But I won't quibble any further.
Suffice it to say that I shall relish my beautiful pine cone bread + peanut butter + peach sammies as I "train" for the next 9 days for a lateral release.
And may those who prefer more fluff enjoy your own little slices of heaven.
Images by katiew , stephendl , and adineland
Saturday, August 8, 2009
Friday, August 7, 2009
by Mary Oliver
You do not have to be good.
You do not have to walk on your knees
for a hundred miles through the desert, repenting.
You only have to let the soft animal of your body
love what it loves.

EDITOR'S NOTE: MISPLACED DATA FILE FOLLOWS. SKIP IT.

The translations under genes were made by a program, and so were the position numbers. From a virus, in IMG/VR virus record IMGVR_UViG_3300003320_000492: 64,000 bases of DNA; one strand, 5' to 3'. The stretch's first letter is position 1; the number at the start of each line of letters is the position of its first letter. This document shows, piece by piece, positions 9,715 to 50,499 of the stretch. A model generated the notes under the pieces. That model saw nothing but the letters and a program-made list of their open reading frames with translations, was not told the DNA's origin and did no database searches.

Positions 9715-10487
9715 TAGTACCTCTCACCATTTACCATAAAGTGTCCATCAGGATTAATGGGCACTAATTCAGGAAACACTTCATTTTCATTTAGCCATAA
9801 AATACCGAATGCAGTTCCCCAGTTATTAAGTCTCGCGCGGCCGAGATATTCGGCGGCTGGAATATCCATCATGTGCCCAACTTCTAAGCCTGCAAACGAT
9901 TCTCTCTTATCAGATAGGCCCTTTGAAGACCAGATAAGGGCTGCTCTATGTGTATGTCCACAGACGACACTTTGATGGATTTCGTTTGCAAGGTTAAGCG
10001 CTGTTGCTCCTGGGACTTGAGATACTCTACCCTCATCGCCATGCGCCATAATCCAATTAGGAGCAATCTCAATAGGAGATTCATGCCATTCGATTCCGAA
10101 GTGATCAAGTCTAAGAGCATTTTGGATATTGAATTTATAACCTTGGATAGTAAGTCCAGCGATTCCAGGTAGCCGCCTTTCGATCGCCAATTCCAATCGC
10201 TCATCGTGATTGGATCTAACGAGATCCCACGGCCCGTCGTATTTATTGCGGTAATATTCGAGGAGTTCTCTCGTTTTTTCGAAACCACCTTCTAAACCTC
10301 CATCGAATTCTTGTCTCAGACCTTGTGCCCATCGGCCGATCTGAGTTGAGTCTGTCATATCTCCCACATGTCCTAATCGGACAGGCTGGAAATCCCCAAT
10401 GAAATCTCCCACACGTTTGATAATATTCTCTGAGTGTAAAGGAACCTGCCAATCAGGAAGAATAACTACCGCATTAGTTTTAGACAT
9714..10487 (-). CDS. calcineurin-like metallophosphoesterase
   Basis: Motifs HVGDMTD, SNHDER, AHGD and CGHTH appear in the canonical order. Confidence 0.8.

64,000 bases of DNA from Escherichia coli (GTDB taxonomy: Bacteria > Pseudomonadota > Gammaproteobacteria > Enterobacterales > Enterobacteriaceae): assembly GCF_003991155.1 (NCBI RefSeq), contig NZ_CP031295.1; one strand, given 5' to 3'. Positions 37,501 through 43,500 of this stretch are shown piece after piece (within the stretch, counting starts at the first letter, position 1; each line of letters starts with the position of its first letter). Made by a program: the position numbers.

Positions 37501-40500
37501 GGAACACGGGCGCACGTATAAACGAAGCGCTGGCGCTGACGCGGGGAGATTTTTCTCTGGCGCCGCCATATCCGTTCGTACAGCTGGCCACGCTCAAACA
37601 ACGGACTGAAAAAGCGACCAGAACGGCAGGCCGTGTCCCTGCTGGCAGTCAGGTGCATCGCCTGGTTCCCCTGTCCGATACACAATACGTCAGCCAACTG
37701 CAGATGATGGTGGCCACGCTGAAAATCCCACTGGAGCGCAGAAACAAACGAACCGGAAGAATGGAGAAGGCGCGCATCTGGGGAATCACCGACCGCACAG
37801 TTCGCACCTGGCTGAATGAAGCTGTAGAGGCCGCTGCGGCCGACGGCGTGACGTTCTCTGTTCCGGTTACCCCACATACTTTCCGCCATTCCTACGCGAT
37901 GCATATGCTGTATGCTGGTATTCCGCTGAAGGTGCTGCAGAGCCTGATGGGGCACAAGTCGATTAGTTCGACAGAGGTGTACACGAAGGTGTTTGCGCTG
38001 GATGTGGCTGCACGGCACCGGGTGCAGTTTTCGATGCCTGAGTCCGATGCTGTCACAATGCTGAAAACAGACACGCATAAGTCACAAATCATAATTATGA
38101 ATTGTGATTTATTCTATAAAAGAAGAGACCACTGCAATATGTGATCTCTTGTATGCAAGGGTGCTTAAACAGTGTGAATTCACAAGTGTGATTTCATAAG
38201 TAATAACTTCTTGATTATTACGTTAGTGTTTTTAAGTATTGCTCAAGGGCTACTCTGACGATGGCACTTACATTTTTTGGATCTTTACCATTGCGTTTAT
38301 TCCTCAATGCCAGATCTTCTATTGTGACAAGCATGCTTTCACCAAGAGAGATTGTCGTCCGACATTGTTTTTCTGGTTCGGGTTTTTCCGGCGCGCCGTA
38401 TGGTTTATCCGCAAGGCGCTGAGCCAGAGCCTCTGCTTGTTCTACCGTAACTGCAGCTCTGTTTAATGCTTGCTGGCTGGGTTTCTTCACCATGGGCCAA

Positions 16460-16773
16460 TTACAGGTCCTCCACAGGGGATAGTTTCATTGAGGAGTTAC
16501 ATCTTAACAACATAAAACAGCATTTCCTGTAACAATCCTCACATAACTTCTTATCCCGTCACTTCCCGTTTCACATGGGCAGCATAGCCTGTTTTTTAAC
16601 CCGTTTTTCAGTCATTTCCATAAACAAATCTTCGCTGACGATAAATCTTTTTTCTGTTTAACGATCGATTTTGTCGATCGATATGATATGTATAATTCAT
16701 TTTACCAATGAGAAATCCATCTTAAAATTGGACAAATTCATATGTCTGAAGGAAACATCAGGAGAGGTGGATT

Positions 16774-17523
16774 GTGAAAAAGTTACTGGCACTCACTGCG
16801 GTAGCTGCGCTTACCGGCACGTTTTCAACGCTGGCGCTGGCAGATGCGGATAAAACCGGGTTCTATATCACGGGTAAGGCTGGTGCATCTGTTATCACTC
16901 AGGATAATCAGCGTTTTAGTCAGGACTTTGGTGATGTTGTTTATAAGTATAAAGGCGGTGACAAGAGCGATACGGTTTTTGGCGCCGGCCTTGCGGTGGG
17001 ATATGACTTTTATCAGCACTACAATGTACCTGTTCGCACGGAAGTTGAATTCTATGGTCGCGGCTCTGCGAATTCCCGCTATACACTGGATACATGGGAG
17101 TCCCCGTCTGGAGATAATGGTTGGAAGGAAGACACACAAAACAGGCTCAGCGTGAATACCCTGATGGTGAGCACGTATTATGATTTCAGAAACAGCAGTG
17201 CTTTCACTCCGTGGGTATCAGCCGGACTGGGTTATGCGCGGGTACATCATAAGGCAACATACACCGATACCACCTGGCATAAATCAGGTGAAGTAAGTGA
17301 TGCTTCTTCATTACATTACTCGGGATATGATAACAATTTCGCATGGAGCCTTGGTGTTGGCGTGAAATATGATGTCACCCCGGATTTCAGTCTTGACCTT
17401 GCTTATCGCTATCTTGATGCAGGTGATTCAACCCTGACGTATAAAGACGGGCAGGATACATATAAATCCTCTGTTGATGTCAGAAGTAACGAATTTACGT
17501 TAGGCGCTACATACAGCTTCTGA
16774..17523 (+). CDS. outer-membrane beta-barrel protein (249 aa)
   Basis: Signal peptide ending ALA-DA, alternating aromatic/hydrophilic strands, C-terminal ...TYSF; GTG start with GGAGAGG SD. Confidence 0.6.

Tell me about your despair, yours, and I will tell you mine.
Meanwhile the world goes on.
Meanwhile the sun and the clear pebbles of the rain
are moving across landscapes,
over the prairies and the deep trees,
the mountains and the rivers.
Meanwhile the wild geese, high in the clean blue air,
are heading home again.
Whoever you are, no matter how lonely,
the world offers itself to your imagination,
calls to you like the wild geese, harsh and exciting --
over and over announcing your place
in the family of things.
Image by Peter Baer
Thursday, August 6, 2009
and I seemed to hear the pines
and the wind
and the rocky shores
say to me,
'You . . .lover of the wild,
are part of us.' "
-- Sigurd I. Olson
Image from The Group of Seven - Art History Archives - Canadian Art
Tuesday, August 4, 2009
But it was the loss of memory that prompted this move. And fortunately, she still knew me, Mr B, and my children. And we were blessed to have her, if even for a short time.